by Kevin Meagher
I’m always puzzled by the contrast between Ken Loach’s politics and his films. In person, Loach is a quiet and modest man with fairly run-of-the-mill and defiantly unreconstructed socialist views, having left the Labour party in the mid-1990s.
In contrast his films, although clearly polemical, are brilliantly nuanced. They take the broad theme of the value of collectivism but Loach’s amazing talent lies in small detail; nailing characters and situations with brilliant realism, simplicity and compassion.
His 2006 Palme D’or-winning film about the Irish War of Independence, The Wind that Shakes the Barley, is one of the finest parables about the clash between the politics of idealism and the politics of pragmatism that you will ever see.
Although his recent documentary, The Spirit of ’45, has been widely talked about before, it was two of his older films, shown this week as part of a Film Four series of Loach classics, that stand out for me.
The first, Riff Raff, was made in 1991 and sees Robert Carlyle’s jailbird, Stephen, an itinerant loner with a mysterious past, finding comradeship working on a London building site and love with a pub singer while squatting in a flat.
When Ricky Tomlinson’s character, Larry, a fellow labourer, complains to the management about the dangerous working conditions the men have to endure, he is sacked. Another man later falls to his death from the same scaffold Larry had been warning about. Given what we now know about the blacklisting of building workers in a notoriously un-unionised industry, the story is particularly poignant.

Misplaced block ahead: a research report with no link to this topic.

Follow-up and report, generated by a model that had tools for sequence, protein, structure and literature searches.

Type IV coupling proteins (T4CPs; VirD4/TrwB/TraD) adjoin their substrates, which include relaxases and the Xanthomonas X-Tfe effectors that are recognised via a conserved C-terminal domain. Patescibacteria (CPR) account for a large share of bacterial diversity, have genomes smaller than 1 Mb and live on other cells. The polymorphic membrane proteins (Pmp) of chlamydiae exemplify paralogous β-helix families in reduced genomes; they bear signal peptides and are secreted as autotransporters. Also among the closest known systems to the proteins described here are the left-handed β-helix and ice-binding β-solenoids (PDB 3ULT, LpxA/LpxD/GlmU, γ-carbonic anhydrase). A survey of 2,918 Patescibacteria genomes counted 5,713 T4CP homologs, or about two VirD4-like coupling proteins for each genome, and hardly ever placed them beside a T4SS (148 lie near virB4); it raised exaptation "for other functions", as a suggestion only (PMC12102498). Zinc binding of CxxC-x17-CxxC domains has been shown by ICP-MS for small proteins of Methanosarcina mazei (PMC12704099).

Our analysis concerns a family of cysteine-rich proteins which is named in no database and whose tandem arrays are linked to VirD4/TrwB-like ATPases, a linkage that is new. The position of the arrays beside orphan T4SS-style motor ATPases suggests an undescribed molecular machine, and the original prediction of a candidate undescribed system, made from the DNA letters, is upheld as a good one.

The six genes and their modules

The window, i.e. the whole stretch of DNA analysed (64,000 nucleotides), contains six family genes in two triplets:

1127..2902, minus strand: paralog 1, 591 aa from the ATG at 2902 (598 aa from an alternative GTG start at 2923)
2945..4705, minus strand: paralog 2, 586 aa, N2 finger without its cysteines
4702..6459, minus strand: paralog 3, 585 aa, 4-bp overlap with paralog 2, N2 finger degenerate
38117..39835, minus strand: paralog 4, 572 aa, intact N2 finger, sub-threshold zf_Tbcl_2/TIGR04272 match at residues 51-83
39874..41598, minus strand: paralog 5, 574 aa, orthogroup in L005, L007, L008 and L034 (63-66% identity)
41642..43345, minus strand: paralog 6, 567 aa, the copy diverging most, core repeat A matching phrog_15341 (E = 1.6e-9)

As is Bruce Jones’s hapless dad falling into the clutches of a vicious loan shark when he buys his daughter a new dress for her First Communion in the 1993 classic, Raining Stones. “Love and prayer is enough Bob” urges his local priest, trying to dissuade him from splashing out on a dress he simply can’t afford.
Ever optimistic that something better will turn up, he tries his hand at sheep-rustling, cleaning drains (with predictably calamitous results) and working as a nightclub bouncer; all to no avail. Bob is a magnet for bad luck.
So he defaults on his payments and the leg-breakers turn up at his home and threaten his wife and daughter. Set on a Rochdale housing estate amid the recession of the early 1990s, the story reflects the grim situation so many families find themselves in today.
Loach’s gift in chronicling the travails of working-class life is to offer vivid, compelling, humane and humorous tales of ordinary people doing their best to transcend the misery of their everyday condition. The hopelessness and, in turn, the hopefulness of people living on the fringe. No-one – with the exception of Charles Dickens – does it better.
There is no shortage of think tanks, journalists and campaign groups who can tell us about poverty, debt and unemployment; but a Ken Loach film brings all those figures and graphs to life. He provides something else too. There is always an upside, a better tomorrow. The message throughout is “don’t give up”.
Anyway, for the uninitiated, get watching; the fabulous Looking For Eric is on tonight.
Kevin Meagher is associate editor of Labour Uncut